The 36 Nigerian governors under the aegis of the Nigerian Governors Forum (NGF) are currently grappling with the office of the Attorney General of the Federation (AGF) over the payment of a $418 million commission to consultants.
The matter is currently before the courts which is one of the arguments advanced by the NGF to the AGF for a stay of execution.
The genesis of this crisis could be attributed to Nigeria’s external debt which skyrocketed in the 1980s from around $8 billion to $30 billion in 2005. Available data shows that only $400 million was borrowed after 1985.
In 1992, Nigeria paid $8 billion of this debt to the Paris Club of creditors. The increase in external debt, which was about $23 billion, accumulated on the initial external borrowings in the form of interest arrears, interest collected on these arrears and penalties.
“Furthermore, instead of applying Nigeria payments to post-1985 loans to make these loans perform (arithmetically increase), creditors have applied payments on arrears and penalties. So post-1985 loans continue to accrue their own interest and penalties without challenge from every finance minister since 1985,” said Victor Oguejiofor Okafor, professor of African-American studies at Eastern Michigan University. , in his assessment of Nigeria’s debt scourge. .
The huge debt, accompanied by periodic debt service payments, has affected the government’s efforts to execute some development projects such as much-needed infrastructure.
It should be recalled that during the time of former President Olusegun Obasanjo, a process was initiated which led to the agreement with the Paris Creditors Club that 60% of Nigeria’s debt, that is, 18 billion dollars, would be canceled while the balance, 12 billion dollars, would be paid by Nigeria in one fell swoop to the creditors.
The negotiation period with the Paris Club took some time and it was initiated by some concerned Nigerians who committed their resources to pursue the matter while most public officials were skeptical about the success of the legal initiative . The legal battle focused on excessive levies on foreign debts.
Seeing the progress made, the state governments were confident that positive results would come out of the legal battle, culminating in these officials engaging more institutions and later signing deals with the private law firms of the legal practitioners involved. to pay commissions to consultants. should they succeed. The commission was $418 million.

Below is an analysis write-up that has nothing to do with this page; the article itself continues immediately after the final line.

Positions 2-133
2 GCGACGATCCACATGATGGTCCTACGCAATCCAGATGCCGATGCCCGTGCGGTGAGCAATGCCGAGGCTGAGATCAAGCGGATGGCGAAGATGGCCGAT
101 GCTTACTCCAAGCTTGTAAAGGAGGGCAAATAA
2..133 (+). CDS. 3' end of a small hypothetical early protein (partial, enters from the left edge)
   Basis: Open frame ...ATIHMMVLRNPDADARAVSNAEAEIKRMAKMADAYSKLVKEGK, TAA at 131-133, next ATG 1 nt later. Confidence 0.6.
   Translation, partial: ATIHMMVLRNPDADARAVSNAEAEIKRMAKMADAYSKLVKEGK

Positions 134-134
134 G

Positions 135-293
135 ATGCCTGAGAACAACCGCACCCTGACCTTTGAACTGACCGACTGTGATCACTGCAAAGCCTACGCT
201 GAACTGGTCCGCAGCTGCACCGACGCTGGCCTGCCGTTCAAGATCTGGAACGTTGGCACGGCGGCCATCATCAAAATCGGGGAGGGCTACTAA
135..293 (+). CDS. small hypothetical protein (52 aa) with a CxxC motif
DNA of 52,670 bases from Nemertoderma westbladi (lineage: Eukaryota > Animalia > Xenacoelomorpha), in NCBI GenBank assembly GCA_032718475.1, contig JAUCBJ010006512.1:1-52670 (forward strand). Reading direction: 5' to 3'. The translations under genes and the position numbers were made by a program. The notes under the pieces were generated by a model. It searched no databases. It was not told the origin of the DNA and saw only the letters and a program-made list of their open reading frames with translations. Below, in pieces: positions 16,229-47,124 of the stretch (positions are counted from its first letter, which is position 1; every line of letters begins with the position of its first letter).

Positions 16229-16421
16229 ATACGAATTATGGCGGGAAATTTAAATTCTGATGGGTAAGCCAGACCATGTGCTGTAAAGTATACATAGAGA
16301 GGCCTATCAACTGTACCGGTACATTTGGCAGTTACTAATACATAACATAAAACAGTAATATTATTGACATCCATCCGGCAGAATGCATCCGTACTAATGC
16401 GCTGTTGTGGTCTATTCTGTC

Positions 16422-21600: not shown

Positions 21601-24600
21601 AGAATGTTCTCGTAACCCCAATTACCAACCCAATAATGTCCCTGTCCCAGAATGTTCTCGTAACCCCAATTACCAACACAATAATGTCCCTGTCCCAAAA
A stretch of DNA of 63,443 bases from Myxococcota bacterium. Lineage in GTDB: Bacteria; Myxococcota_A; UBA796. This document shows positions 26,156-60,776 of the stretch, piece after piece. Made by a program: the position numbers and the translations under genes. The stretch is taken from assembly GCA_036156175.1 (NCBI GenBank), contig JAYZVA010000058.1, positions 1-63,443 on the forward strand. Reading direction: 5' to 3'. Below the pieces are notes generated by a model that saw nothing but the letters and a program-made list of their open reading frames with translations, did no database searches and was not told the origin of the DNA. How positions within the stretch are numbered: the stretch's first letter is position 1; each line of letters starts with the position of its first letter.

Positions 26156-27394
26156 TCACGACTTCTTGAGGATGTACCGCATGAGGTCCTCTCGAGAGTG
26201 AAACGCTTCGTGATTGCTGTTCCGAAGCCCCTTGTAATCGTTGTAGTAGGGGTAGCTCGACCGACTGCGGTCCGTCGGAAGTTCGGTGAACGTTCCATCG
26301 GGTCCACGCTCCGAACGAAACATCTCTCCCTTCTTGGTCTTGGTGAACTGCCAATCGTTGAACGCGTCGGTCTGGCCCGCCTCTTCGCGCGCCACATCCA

How much was paid in reimbursement to the States?
The repayment of the Paris Club repayment has spanned five years since it began in 2017. The first repayment to the 36 states took place in early 2017 when N516 billion was repaid to Nigerian sub-national governments. Also at the end of 2017, another installment was disbursed amounting to N243.795 billion.
In 2018, the federal government contributed $2.69 billion, which at the prevailing exchange rate during that period was 523.5 billion naira. In 2019, the last installment of the repayment which was N649.43 billion was made. A total of N2.233 billion has been refunded to the 36 sub-national governments from the Paris Club refund.
The disputed $418 million is the commission due to the private law firms that pursued the case to the logical end before Nigeria’s foreign creditors agreed to write off some of our debt and repay excess deductions. .
Also Read: $418m Reimbursement to Paris Club: Governors’ Objections Unfounded – Malami
In November 2021, the Federal High Court in Abuja advised the Federal Government not to proceed with the deduction of $418 million from the accounts of the state governments. The parties to the case included the Attorney General of the Federation (AGF), the Debt Management Office (DMO), the Accountant General of the Federation and the Ministry of Finance, the Central Bank of Nigeria (CBN), the Federation Accounts Allocation Committee (FAAC), as well as the Association of Local Government of Nigeria (ALGON).
But in a recent media conversation with the public, the AGF said the governors’ motive for stopping reimbursement was groundless because they had made a partial payment to the contractors before opting for an out-of-court settlement.
“Governors felt the advisory fees were too high and they wanted to put an end to it. Unfortunately, it’s too late for them,” said Musbau Lateef, senior lecturer at the University of Hull Law School. , United Kingdom.
Governments at all three levels are currently facing a cash crunch. Debt service gobbled up 1.9 trillion naira in the first four months of 2022, 600 billion naira more than the 1.3 trillion in revenue generated by the Nigerian government during the same period. Consequently, the federal government and the 36 sub-national governments are improvising to prevent the country from collapsing economically.
Pressure mounts on civil servants as rising inflation reduces household purchasing power and the situation is further aggravated by exchange rate volatility and the high interest rate regime which have increased the cost loans for governments and businesses.